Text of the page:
In the wake of the Harvey Weinstein sex predator scandal, entertainment studios are now scouring the sexual and behavioral histories of the leading lights – both those in front of and behind the camera.
Amazon Studio boss Roy Price is taking a leave of absence amid emerging details of an alleged incident of sexual harassment against Isa Hackett Dick, executive producer of The Man in the High Castle. And actor Ben Affleck is coming under fire for allegedly groping a number of women on movie sets.
For viewers, this current Hollywood moment raises the question: Can anyone still enjoy entertainment produced by a sex predator?
A Justice League composed of possible sex predators doesn’t seem so just
The allegations against Affleck threaten to derail the success of Justice League, the $300 million superhero tentpole film. Studio bosses have been hoping it will reverse recent downward-spiraling box office performances.
The new conventional wisdom is that nobody wants to watch a “Batman” in which man underneath the mask is a bad man.
The personal morality or lack thereof of celebrities has long lingered over audience’s acceptance of their entertainment. But why should it?
This standard doesn’t seem to be applied in any other field of endeavor. Few people, for instance, would refuse to enter a building designed by an amoral architect. Most homeowners wouldn’t worry about the after-hours behavior of the plumber who unclogs their drains.
As consumers, we tend to judge the final product, not the person who made it. If we were to apply that same principle to the movies we watch, Justice League’s Batman wouldn’t be any less of a hero – regardless of how unheroic Ben Affleck is or isn’t.
After the Bill Cosby sex predator scandal, reruns of The Cosby Show are nowhere to be found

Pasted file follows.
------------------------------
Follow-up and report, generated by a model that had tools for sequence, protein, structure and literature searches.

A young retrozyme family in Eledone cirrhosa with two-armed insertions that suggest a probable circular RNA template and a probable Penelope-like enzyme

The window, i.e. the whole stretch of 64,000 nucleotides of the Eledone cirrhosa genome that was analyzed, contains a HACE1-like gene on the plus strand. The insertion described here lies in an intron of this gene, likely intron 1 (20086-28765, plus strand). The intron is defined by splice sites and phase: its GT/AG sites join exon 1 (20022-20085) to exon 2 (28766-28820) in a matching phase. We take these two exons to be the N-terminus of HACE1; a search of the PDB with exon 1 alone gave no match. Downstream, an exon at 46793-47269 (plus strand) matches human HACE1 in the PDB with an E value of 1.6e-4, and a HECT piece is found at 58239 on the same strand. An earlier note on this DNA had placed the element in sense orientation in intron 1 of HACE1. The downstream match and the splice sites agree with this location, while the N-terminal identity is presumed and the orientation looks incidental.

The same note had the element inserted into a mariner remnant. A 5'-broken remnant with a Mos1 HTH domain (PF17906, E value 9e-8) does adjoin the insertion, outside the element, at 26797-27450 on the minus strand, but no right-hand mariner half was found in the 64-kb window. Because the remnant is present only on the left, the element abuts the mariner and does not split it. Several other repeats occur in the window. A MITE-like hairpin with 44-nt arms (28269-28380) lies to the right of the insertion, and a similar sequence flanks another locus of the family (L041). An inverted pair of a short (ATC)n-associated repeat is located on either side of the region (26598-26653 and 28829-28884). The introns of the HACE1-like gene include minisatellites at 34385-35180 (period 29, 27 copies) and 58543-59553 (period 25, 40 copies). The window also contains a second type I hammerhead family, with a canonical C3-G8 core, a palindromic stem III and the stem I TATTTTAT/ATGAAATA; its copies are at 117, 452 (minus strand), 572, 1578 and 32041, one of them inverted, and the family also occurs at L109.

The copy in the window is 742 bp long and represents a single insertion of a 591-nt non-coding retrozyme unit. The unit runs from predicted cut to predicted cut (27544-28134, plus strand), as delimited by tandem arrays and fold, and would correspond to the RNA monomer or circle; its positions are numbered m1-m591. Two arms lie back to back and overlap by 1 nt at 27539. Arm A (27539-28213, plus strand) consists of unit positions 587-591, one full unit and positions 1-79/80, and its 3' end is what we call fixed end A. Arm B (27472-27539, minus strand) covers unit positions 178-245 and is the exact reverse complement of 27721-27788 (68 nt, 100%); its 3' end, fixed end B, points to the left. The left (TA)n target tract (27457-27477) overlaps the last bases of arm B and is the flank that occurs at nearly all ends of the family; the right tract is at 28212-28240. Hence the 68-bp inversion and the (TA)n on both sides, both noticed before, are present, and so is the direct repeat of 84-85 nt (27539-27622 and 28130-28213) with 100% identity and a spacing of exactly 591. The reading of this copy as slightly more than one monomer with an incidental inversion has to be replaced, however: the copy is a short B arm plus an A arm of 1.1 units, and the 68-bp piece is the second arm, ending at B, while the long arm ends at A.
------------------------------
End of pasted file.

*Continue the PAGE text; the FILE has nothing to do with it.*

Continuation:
Yet that’s not the way it works. Just ask Bill Cosby, the man who made a career out of portraying decency on television, but who was anything but decent when the cameras weren’t rolling.
Not only is he now a pariah unable to get work, but everything he ever did is tainted by rape charges that have ended his career. “The Cosby Show” was the centerpiece of 1980s family entertainment, but the reruns are now nowhere to be found.
The content of those shows hasn’t changed one iota, so shouldn’t viewers be able to separate the high-quality Cosby product from the low-quality Cosby person?
Sex predators Woody Allen, Roman Polanski, and Harvey Weinstein are still talented
The answer to that question seems to depend on how closely audiences identify with the performer in question. Many are asking how the fall of Harvey Weinstein will impact ticket sales. The likely answer is probably “not much.”
He’s a behind-the-scenes guy, and audience opprobrium usually applies the “out of sight, out of mind” principle.
For example, Roman Polanski had a prominent and lucrative career in the four decades since he fled the U.S. after his conviction on child rape.
While there are many people who refuse to patronize his films because of his pedophilia, many others overlook his crimes because they don’t have to actually look at Polanski when they watch his movies.
Contrast that with Cosby, who is front and center in every “Cosby Show” episode. All the time you’re watching the charming Cliff Huxtable, you are reminded of how for removed the real-life Cosby is from his fictional creation.
That disconnect makes for an uncomfortably creepy viewing experience. Since the goal of turning on the TV is to be entertained, it’s far easier to turn off Cosby and watch something else.
Time and chance happeneth to them all, even sex predators
Time and chance has a way of softening audience contempt for art produced by the contemptible, especially if the artist has been dead for a very long time.
Great authors, composers, and painters of past eras now get a pass on whatever awful things they may have done because nobody remembers any of that stuff. When listening to Mozart, people are free to enjoy the beauty of the music and ignore the weird scatological obsessions of the man who wrote it.
By the same token, in a few decades, Woody Allen films may be rediscovered by a whole new generation of fans who never heard the story of how cheated on his wife with her underage daughter.
But Ben Affleck’s Batman doesn’t have the luxury of time – if they want to keep Batman fans from staying home and watching old Adam West reruns.
(Harvey Weinstein, the former co-chairman and co-founder of Weinstein Co., attends the second day of the annual Allen & Company Sun Valley Conference, July 12, 2017, in Sun Valley, Idaho. Every July, some of the world’s most wealthy and powerful businesspeople from the media, finance, technology and political spheres converge at the Sun Valley Resort for the exclusive weeklong conference. Photo by Drew Angerer/Getty Images.)